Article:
So now you guys know, overall general idea here. Alkyl halides are the most important. You're going to see them all the time. If you see a sulfonate ester, it's going to be one of these weird letters. Don't worry about it too much, just treat it the same as an alkyl halide. If you see water with a strong acid, treat it the same way as an alkyl halide. The whole point is just that it leaks. That's the end goal. I don't want you guys to get mixed up by all this.
These are really the three main ones that we see. We don't see a whole lot of others. So don't worry about anything else as a leaving group except these three categories.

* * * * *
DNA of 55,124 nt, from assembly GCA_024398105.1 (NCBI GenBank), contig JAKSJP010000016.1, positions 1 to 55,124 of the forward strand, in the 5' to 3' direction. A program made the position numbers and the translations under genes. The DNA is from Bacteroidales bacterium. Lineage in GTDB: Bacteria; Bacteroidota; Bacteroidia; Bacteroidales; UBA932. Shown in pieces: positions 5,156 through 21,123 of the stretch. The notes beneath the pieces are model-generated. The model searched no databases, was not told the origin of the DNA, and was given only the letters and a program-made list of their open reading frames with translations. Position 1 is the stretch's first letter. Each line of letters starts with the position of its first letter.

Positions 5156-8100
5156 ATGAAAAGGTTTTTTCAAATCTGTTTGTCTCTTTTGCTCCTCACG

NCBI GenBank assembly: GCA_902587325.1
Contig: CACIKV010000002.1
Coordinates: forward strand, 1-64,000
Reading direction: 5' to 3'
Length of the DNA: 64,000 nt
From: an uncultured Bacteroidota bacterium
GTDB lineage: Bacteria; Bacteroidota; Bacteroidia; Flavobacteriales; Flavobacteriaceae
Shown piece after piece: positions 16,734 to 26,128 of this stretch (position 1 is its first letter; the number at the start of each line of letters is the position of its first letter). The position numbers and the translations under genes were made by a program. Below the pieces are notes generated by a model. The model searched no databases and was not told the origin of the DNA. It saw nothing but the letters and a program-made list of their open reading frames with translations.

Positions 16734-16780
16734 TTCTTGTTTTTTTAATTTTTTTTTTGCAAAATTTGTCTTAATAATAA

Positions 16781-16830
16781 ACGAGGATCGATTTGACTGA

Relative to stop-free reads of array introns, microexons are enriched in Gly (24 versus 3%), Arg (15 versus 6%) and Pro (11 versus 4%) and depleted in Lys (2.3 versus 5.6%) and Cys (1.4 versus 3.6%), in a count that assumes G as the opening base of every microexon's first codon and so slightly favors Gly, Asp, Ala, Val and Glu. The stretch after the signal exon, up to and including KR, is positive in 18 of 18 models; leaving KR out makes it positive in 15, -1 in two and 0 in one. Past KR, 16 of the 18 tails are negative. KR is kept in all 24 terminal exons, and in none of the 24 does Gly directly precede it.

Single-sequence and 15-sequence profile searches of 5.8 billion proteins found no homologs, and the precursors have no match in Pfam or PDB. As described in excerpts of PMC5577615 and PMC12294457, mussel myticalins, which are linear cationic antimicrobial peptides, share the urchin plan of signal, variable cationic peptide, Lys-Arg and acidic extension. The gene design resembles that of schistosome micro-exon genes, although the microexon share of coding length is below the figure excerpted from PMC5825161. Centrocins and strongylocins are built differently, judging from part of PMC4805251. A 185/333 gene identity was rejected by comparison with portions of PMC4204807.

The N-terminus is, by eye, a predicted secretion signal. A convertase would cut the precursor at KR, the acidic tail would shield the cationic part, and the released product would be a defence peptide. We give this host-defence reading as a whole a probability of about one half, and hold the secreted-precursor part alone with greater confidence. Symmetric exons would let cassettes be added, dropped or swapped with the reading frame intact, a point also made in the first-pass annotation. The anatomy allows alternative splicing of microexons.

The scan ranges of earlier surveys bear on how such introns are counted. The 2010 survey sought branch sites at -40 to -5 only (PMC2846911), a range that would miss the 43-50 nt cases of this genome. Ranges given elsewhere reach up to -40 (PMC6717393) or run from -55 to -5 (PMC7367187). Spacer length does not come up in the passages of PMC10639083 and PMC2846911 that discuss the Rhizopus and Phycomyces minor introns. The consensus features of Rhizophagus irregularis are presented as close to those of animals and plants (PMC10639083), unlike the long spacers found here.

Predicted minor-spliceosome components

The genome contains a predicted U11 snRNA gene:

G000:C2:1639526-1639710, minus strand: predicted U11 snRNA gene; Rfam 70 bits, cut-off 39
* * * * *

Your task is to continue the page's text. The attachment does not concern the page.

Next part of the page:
1. Alkyl Halides

We’ve been dealing with these the whole lesson, formula –RX. You should be cool with these

2. Sulfonate Esters

These are molecules with the general structure –OSO2R or –SO3R. These are the ultimate leaving groups of organic chemistry. They might look a little weird, but in the end of the day, remember they just leave. NBD. 

3. Water

Also an awesome leaving group, formed after alcohol is protonated with a strong acid.

Nucleophiles and Basicity

Concept: Understanding the difference between basicity and nucleophilicity.  

7m
Video Transcript